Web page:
In a league where point guard play is more important than ever, it hasn’t mattered that much who has been running point for the Mavs. In the 98 minutes when Williams has played with Curry, Matthews, Barnes, and Nowitzki this season, the Mavs have an offensive rating of 111.8. In the 44 minutes when Ferrell has played for Williams, they have an offensive rating of 107.7. That’s the power that floor spacing can provide.
Ferrell had a 10-game stint with the Nets earlier in the season, and his play with the Mavs is the closest thing to a controlled experiment that you will see in the NBA. If you prorate his playing time over 36 minutes, he’s the same player he was in Brooklyn, except he’s doing a much better job of taking care of the basketball.
“Playing with Dirk definitely helps a lot, especially for me. I can use my quickness to come off the ball screen,” Ferrell said Wednesday. “If I got a layup, I’ll take it. If they stay with me, you got Dirk at the top of the key where he can get into his iso. That’s what [Carlisle] wants me to do. Attack, go downhill, make the right pass, knock down the right shot.”
It’s a lot easier to read the floor when the defense is spread this far out. The game becomes very simple.
Of course, the flip side of playing Nowitzki at center is what it does to the defense. He was never the most mobile big man to begin with, and now, at the age of 38, he moves like his feet are encased in carbonite. At 7 feet and 245 pounds, he has the size to hold his own as a post defender, but there’s not much he can do when it comes to protecting the rim or guarding in the pick-and-roll. The Mavs’ strategy against the two-man game is to plant Nowitzki in the paint and pray the opposing guard misses the open jumper. If an opposing player gets a lane to the basket, the best Nowitzki can hope to accomplish is stand in place and avoid the foul. Despite playing so close to the basket on defense, he averages only 5.9 rebounds and 0.8 blocks a game.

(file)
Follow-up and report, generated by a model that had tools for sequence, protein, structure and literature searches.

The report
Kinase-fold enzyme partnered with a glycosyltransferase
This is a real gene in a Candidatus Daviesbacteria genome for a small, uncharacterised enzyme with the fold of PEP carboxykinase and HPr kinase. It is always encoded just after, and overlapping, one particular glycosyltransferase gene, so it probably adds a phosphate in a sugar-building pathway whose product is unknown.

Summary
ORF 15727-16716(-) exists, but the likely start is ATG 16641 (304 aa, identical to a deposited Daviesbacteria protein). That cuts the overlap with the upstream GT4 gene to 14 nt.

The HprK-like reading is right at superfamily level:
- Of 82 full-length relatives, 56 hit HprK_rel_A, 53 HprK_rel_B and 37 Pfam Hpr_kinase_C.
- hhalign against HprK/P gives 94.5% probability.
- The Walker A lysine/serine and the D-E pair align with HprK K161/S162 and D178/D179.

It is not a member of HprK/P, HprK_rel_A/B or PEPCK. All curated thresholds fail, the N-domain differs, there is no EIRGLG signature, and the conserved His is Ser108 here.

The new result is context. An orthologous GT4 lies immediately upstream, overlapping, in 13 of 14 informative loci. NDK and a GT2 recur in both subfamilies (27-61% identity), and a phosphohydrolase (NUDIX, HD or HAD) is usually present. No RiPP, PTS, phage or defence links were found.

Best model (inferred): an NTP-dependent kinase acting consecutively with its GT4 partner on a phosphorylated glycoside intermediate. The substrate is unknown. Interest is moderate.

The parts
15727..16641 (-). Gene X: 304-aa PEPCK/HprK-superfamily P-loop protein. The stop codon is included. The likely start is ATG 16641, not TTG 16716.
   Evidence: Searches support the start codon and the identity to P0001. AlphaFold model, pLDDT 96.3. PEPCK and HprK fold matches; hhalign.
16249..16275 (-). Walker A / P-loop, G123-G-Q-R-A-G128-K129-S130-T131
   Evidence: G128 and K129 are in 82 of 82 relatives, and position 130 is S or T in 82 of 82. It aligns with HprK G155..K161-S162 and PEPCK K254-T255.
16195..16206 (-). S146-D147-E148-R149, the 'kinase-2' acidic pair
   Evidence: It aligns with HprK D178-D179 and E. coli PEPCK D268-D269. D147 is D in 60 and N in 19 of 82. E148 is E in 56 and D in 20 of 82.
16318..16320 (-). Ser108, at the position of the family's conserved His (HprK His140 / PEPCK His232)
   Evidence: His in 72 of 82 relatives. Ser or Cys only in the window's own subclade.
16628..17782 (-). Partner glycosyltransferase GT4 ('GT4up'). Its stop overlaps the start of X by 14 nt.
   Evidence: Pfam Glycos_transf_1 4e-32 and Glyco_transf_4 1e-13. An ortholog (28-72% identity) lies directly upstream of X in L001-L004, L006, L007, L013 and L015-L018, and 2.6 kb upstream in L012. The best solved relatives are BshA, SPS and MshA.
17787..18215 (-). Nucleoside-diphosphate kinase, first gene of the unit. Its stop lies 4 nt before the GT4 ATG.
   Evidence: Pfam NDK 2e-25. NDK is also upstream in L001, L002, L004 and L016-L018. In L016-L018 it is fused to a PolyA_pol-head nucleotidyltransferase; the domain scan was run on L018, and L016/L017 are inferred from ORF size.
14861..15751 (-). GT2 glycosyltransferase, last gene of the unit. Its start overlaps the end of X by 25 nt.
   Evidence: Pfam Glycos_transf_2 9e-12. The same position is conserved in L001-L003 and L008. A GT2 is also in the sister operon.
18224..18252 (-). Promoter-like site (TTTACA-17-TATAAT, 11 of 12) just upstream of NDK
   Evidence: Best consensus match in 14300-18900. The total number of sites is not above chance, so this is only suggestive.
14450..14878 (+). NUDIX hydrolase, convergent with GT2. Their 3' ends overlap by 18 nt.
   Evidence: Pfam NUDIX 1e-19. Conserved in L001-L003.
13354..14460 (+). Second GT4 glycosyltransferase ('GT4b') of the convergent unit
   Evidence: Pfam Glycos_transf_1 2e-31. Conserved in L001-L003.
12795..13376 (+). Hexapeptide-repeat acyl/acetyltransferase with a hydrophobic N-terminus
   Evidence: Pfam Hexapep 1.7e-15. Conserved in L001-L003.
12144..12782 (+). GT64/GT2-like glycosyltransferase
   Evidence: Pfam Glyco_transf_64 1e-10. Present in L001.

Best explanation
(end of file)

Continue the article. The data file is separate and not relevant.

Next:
When I asked Carlisle about how they could defend better with Nowitzki at the 5, he essentially conceded defeat on that side of the ball: “A lot of it comes down to offense. Execute well and get good shots and you can position yourself to get back and guard more effectively than if you have turnovers,” he said. “We have to play an efficient game. We have to be tied together. The ball has to move. Once we get a shot, we have to get back.”
There’s a feedback effect in basketball. Great offense leads to good defense because the other team is always inbounding the ball from under its own basket, allowing the defense to get set. Over at Nylon Calculus, Seth Partnow ran the numbers for the 2014–15 season and found that teams’ effective field goal percentage was 6.3 points higher off a live ball — when the defense is scrambling to get back in transition — than a dead ball. The Mavs have been living in that feedback effect, allowing 102 points per 100 possessions in the past 11 games. The Rockets have seen similar results this season. For as much as people worried about their defense, they have been so good on offense (no. 3) that it has lifted them to league-average defensive efficiency (no. 17).
For the Mavs, at least, the question is how sustainable that level of defense is over the course of the season. As opposing teams gather more film on them with Dirk at the 5, they will undoubtedly run more sets designed to punish him in the pick-and-roll. That would go double if Dallas were to make it to the playoffs, when opposing teams change their entire offensive game plan to attack weaknesses in the other team’s defense. The Rockets ran the Mavs off the floor in the 2015 playoffs by attacking Dirk in space, and it’s hard to see lineups with him as the primary rim protector being very effective against some of the best offenses in the NBA in a seven-game series.
Nevertheless, for the Mavs to even be thinking about the playoffs is a miracle considering how poorly they started the season. They were one of the worst teams in the league until they found a cheat code that turned their offense into a low-rent version of the Warriors. Dirk Nowitzki’s ability to shoot 3s from the power forward position helped changed the NBA. For his last act in the league, he’s trying to do something similar at center.